Posts Tagged ‘bright futures’

Bright Futures, Technology, and Modern Learning

July 29, 2012

About a month ago, the Bright Futures Partnership sponsored an event bringing together veteran and bourgeoning middle level leaders to explore the future of middle level education in Maine. Many of us were starting to feel like the middle had been forgotten with the various “accountability” initiatives that have driven education life for so long (although, Jill certainly believes – and so do I – the middle level concept is alive and well within the Customized Learning work, just under a new set of vocabulary).

But it was a good reminder that perhaps it was time to revisit the Bright Futures Report itself and its core practices. When was the last time you took a good look at the report? Although I reference it often, I know it has been a while for me. Maybe it's time to go back and review…

We blog here about a wealth of topics related to middle level education, but I'm now inviting my fellow Bright Futures bloggers to take one of the BF core practices that is near and dear to their heart (would that be a BFF, A Bright Futures Favorite?) and remind us all what that recommendation is all about.

And it won't surprise any of you that I'm willing to start with Core Practice 4:

Students have access to one-to-one computing technology integrated throughout the curriculum allowing them to acquire the critical thinking skills related to information, media, and technology.

It's easy for educators in Maine to take this one for granted, since we've had the Maine Learning Technology Initiative for more than a decade. But no other state is that lucky, and although access to technology, even 1to1, is becoming more widespread, Core Practice 4 ventures to make one key idea clear: technology in schools is not about the stuff, or having access, or being an add-on or elective, but rather about leveraging technology as a modern learning tool integrated throughout the educational program.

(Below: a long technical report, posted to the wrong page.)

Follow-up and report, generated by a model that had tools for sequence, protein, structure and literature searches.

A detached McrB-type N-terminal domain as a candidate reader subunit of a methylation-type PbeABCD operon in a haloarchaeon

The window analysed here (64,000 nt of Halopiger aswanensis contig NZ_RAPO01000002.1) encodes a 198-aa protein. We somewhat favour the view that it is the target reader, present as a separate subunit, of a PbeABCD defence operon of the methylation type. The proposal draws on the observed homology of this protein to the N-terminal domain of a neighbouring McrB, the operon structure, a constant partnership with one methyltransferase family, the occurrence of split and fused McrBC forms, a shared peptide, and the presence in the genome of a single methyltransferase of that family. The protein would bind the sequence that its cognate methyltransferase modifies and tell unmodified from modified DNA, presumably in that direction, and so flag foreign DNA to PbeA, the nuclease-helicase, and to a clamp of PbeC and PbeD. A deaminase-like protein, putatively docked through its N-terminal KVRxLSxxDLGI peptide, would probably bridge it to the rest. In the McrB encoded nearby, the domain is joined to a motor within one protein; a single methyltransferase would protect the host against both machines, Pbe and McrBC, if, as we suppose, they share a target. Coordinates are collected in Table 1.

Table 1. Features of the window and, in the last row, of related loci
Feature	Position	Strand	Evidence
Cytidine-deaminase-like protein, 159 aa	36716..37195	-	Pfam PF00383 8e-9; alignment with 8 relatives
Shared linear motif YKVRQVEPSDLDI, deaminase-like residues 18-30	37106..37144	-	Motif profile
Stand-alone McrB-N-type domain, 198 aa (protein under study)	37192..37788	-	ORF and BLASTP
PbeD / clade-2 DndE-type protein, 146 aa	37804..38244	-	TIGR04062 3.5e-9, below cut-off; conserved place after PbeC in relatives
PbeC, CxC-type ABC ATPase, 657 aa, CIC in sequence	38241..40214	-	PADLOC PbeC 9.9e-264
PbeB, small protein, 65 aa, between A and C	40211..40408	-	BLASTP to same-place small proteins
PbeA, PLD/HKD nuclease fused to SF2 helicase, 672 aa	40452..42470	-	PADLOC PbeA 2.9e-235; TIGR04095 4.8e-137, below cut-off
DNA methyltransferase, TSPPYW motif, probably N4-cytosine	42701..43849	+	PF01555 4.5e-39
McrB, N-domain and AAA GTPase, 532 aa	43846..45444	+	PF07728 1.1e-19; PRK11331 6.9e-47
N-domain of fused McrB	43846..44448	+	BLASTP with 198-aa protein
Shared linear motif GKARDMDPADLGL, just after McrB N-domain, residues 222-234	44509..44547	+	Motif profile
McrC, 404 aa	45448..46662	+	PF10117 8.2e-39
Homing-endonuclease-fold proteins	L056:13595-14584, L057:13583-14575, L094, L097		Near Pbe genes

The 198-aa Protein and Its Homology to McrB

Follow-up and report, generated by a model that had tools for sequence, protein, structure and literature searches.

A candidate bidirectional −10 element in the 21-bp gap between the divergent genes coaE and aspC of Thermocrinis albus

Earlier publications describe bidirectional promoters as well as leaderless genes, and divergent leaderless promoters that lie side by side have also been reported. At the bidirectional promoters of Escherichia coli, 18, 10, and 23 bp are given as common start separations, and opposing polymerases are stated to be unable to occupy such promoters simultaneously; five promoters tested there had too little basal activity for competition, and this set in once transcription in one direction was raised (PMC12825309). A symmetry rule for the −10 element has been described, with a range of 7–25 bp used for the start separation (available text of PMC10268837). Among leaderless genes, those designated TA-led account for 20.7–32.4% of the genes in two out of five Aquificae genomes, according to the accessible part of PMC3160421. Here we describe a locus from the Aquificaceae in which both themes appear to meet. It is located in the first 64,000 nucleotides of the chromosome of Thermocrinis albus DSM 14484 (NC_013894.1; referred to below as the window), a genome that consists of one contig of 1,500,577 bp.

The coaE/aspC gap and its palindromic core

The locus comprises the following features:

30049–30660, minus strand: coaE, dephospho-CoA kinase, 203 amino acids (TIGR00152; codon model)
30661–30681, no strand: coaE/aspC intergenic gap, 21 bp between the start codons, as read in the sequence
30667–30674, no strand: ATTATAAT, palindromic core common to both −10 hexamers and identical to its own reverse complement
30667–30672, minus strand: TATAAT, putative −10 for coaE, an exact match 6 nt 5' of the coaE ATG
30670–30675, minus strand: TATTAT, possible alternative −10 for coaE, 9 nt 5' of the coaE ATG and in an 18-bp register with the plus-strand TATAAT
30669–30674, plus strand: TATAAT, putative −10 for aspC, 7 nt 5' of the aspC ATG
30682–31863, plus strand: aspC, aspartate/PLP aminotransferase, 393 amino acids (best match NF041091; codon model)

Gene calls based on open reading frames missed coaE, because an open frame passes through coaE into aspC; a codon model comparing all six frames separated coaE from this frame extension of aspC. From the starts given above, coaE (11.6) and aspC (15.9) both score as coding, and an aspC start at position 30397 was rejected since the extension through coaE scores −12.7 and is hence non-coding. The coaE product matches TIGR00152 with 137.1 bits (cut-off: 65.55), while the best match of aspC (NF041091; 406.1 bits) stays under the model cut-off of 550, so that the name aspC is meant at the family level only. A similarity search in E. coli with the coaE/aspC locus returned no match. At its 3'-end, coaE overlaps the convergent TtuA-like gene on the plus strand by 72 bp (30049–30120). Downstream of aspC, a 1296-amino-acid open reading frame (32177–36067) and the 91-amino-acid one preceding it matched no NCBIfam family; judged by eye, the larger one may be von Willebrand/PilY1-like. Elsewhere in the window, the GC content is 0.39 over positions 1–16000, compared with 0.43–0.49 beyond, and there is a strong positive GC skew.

As the report says:

Researching, word processing, data collecting, animating, creating multimedia presentations, producing and directing movies, and designing web pages are all tools that the teachers and students use on a regular basis to make learning challenging, meaningful, and engaging.

Which of these are you doing regularly in in your classroom?

What other kinds of technology-rich learning activities are you doing that aren't in that list?

I've started thinking of instruction in two types: for lower order thinking and for higher order thinking.

How are you using technology for lower level Blooms? Are students finding information? Watching instructional videos?

How are you using technology for upper level Blooms? How are students creating with technology? What role is technology playing in project-based learning in your classroom?

Here are some resources to help you with implementing Core Practice 4:

 

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A Conversation With Commissioner Bowen: Leading from the Middle, Bright Futures, MLTI, and MLEI!

April 26, 2011

Thanks for taking time from your busy schedule and sharing some of your thoughts with the Bright Futures readers Commissioner! So let’s get started. Here’s our first question.

CT-What did you see and hear on your listening tour that you think all Maine middle schools should pay attention to?